Few objects indeed are occafionally more difficult to feize, than the flender traits that mark the character of a face; and the
poor remains of their avowed original. Of the drapery and curling hair exhibited in the excellent engravings of Mr. Vertue, Mr. Hall, and Mr. Knight, the painting does not afford a veftige; nor is there a feature or circumftance on the whole canvas, that can with minute precifion be delineated.We must add, that on very vague and dubious authority this head has hitherto been received as a genuine portrait of our author, who probably left be hind him no fuch memorial of his face. As he was careless of the future ftate of his works, his folicitude might not have extended to the perpetuation of his looks. Had any portrait of him exifted, we may naturally fuppofe it must have belonged to his family, who (as Mark Antony fays of a hair of Cæfar) would
have mention'd it within their wills,
and were there ground for the report that Shakspeare was the real father of Sir William D'Avenant, and that the picture already fpoken of was painted for him, we might be tempted to obferve with our author, that the
"Was kinder to his father, than his daughters
But in fupport of either fuppofition fufficient evidence has not been produced. The former of these
eye will often detect the want of them, when the most exact mechanical process cannot decide on the places in which they are omitted.-Vertue, in fhort, though a laborious, was a very indifferent draughtfman, and his best copies too often exhibit a general instead of a particular resemblance.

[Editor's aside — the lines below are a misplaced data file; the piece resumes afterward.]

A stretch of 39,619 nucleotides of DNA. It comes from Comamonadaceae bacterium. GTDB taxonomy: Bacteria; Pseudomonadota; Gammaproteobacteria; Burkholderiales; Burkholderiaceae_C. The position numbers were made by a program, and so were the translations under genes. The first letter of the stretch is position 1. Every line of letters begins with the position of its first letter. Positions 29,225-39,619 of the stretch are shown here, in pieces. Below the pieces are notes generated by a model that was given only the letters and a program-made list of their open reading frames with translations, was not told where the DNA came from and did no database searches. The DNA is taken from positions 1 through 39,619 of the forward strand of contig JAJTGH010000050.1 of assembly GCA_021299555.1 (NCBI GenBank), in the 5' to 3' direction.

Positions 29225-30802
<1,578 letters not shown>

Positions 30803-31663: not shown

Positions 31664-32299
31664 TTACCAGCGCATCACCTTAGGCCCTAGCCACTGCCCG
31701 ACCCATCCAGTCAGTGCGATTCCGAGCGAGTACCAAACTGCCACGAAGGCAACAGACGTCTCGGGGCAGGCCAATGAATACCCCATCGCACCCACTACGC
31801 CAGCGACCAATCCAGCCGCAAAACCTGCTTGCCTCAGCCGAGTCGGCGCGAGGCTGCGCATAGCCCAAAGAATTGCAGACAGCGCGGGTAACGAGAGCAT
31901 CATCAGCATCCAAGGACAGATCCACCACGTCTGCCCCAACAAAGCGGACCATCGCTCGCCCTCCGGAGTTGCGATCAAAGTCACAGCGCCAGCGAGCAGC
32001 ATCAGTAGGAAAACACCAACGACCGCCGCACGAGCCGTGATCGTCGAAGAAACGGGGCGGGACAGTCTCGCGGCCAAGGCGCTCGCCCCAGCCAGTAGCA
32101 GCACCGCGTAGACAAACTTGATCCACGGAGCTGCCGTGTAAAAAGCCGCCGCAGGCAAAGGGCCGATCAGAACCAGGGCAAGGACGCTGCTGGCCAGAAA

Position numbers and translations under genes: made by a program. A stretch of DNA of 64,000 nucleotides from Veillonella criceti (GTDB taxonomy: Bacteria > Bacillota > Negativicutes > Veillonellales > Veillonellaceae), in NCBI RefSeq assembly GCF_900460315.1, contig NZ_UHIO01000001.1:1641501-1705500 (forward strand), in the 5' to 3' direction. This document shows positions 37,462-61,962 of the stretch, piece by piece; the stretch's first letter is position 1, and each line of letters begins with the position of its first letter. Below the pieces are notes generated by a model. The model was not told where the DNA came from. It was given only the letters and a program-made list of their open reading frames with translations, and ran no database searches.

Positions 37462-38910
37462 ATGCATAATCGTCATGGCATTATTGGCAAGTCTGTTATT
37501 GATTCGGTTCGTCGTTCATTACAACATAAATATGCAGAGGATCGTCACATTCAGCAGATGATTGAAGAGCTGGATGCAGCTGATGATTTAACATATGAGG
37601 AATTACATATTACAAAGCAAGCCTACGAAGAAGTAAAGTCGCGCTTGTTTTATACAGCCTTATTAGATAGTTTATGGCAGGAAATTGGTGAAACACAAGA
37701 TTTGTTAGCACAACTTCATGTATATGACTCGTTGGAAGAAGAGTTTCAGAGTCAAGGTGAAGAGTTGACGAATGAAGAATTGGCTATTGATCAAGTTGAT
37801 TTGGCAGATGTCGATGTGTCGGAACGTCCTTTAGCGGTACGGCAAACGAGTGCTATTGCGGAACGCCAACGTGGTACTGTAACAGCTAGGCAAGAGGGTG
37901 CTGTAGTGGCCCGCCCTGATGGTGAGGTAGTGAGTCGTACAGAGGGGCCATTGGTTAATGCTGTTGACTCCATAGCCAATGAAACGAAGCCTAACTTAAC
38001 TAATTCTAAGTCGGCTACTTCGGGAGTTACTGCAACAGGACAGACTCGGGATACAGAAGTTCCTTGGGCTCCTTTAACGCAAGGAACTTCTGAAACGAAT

tales has no better foundation than the vanity of our degener Neoptolemus," and the latter originates from modern conjecture. The prefent age will probably
7 Nor does the fame piece of ancient fcandal derive much weight from Aubrey's adoption of it. The reader who is acquainted with the writings of this abfurd goflip, will scarcely pay more attention to him on the present occafion, than when he gravely affures us that "Anno 1670, not far from Cirencester was an apparition; being demanded whether a good spirit or a bad? returned no anfwer, but difappeared with a curious perfume and most melodious twang. Mr. W. Lilly believes it was a fairy." Sce Aubrey's Mifcellanies, edit. 1784, p. 114.-Aubrey, in fhort, was a dupe to every wag who chose to practise on his credulity; and would moft certainly have believed the person who fhould have told him that Shakspeare himself was a natural fon of Queen Elizabeth.
An additional and no lefs pleasant proof of Aubrey's cullibility, may be found at the conclufion of one of his own Letters to Mr. Ray; where, after the enumeration of several wonderful methods employed by old women and Irishmen to cure the gout, agues, and the bloody flux, he adds: "Sir Chriftopher Wren told me once [eating of firawberries] that if one that has a wound in the head eats them, 'tis mortal."
See Philofophical Letters between the late learned Mr. Ray c. Published by William Derham, Chaplain to his Royal Highness George Prince of Wales, & F. R. S. 8vo. 1718, p. 251.
In the foregoing inftance our letter-writer feems to have been perfectly unconscious of the jocularity of Sir Chriftopher, who would have meant nothing more by his remark, than to fecure his ftrawberries, at the expence of an allufion to the crack in poor Aubrey's head. Thus when Falftaff " did defire to eat fome prawns," Mrs. Quickly told him "they were ill for a green
Mr. T. Warton has pleasantly obferved that he "cannot fuppofe Shakspeare to have been the father of a Doctor of Divinity who never laughed ;" and-to wafte no more words on Sir William D'Avenant,-let but our readers furvey his heavy, vulgar, unmeaning face, and, if we miftake not, they will as readily conclude that Shakspeare never holp to make it." So despicable, indeed, is his countenance as represented by Faithorne, that it appears to have funk that celebrated engraver beneath many a common artift in the fame line.